In this latest research, we propose an efficient implementation of this algorithm and test it via Hanabi, a collaborative card game and key benchmark game for AI research. It features both cooperative gameplay and imperfect information. We found that off-belief learning significantly improves how well an AI agent can collaborate with a human proxy policy (meaning a policy that attempts to mimic the behavior of an actual person) without using human data. Many Hanabi players found it more intuitive to play with agents trained in this way than with agents from prior works. This method is a valuable next step toward building and enabling collaborative assistants that will one day be both ubiquitous and tremendously helpful to our lives.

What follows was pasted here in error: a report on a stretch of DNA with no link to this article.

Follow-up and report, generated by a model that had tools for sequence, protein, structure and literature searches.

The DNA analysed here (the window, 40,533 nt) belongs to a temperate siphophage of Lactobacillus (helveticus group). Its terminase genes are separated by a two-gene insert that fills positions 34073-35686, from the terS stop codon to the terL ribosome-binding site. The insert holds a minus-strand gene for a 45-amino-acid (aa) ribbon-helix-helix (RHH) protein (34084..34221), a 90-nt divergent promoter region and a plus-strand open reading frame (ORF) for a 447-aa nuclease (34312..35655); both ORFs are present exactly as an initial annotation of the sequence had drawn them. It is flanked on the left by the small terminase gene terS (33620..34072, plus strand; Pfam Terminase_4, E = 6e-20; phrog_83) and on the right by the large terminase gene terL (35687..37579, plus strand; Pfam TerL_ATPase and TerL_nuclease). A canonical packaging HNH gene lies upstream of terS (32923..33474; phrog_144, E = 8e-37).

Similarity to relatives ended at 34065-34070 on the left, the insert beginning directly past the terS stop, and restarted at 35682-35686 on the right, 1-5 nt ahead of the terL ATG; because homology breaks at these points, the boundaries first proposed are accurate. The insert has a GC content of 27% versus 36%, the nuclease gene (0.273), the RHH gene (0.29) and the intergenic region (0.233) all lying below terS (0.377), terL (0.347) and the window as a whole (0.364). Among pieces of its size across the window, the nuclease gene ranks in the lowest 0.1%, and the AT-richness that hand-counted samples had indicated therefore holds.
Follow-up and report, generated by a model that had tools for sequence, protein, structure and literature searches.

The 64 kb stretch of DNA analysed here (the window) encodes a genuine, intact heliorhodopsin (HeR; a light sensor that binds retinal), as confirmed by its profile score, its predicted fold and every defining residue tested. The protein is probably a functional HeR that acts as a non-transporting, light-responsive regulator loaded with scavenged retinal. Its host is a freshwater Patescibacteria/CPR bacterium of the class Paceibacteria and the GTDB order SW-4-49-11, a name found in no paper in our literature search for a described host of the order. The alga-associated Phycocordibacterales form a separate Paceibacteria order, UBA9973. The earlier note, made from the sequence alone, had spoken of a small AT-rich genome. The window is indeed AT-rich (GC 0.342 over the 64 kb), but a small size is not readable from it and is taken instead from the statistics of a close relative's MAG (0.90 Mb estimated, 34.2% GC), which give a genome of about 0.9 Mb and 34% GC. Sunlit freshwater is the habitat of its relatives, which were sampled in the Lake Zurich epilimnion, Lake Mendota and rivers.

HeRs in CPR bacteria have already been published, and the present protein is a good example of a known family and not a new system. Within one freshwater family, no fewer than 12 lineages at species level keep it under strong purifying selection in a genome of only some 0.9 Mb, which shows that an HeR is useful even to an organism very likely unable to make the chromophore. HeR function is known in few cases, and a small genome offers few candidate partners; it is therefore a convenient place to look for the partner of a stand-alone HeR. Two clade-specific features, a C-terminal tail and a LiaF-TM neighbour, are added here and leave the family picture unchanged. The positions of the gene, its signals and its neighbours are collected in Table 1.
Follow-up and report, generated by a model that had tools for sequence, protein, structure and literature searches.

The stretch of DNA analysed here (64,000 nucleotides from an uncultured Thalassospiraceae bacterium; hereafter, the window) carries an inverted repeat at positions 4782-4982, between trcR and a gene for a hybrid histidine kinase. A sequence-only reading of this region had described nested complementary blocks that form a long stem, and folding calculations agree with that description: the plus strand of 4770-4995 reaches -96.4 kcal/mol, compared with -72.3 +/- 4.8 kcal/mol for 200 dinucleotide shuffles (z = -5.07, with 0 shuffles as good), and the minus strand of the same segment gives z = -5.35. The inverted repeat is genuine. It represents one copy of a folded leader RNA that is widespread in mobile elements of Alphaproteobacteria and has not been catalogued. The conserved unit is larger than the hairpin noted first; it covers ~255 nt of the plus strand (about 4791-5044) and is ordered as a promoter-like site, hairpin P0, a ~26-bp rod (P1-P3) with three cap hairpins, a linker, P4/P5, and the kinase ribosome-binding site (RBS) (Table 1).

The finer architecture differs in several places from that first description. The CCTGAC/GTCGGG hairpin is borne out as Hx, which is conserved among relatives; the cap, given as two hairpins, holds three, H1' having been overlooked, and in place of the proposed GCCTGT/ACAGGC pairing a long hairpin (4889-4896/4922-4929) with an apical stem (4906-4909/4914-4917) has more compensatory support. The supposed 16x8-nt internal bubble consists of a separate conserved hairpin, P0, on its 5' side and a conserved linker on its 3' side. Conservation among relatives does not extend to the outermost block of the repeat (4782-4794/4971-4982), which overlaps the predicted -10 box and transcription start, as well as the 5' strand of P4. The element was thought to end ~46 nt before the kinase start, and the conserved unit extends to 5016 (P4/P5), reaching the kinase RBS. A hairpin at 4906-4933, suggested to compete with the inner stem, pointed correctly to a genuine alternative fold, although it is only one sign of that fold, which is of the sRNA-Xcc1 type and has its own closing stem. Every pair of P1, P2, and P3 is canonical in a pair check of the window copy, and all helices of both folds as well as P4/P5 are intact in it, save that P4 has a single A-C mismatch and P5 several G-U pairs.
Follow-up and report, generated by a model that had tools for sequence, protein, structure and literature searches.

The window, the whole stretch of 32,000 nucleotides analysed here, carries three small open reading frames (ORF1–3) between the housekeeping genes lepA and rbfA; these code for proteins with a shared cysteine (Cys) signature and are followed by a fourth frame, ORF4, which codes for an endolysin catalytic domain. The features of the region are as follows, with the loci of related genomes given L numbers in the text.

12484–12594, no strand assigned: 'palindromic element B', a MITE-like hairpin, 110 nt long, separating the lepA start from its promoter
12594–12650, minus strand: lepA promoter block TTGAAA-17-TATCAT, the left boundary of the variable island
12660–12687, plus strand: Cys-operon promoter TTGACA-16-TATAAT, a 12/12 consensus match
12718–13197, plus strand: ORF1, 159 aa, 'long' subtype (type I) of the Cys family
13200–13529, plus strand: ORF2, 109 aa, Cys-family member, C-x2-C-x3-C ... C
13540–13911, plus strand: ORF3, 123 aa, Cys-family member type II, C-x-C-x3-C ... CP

Professor at University of Oxford and former Research Scientist at Meta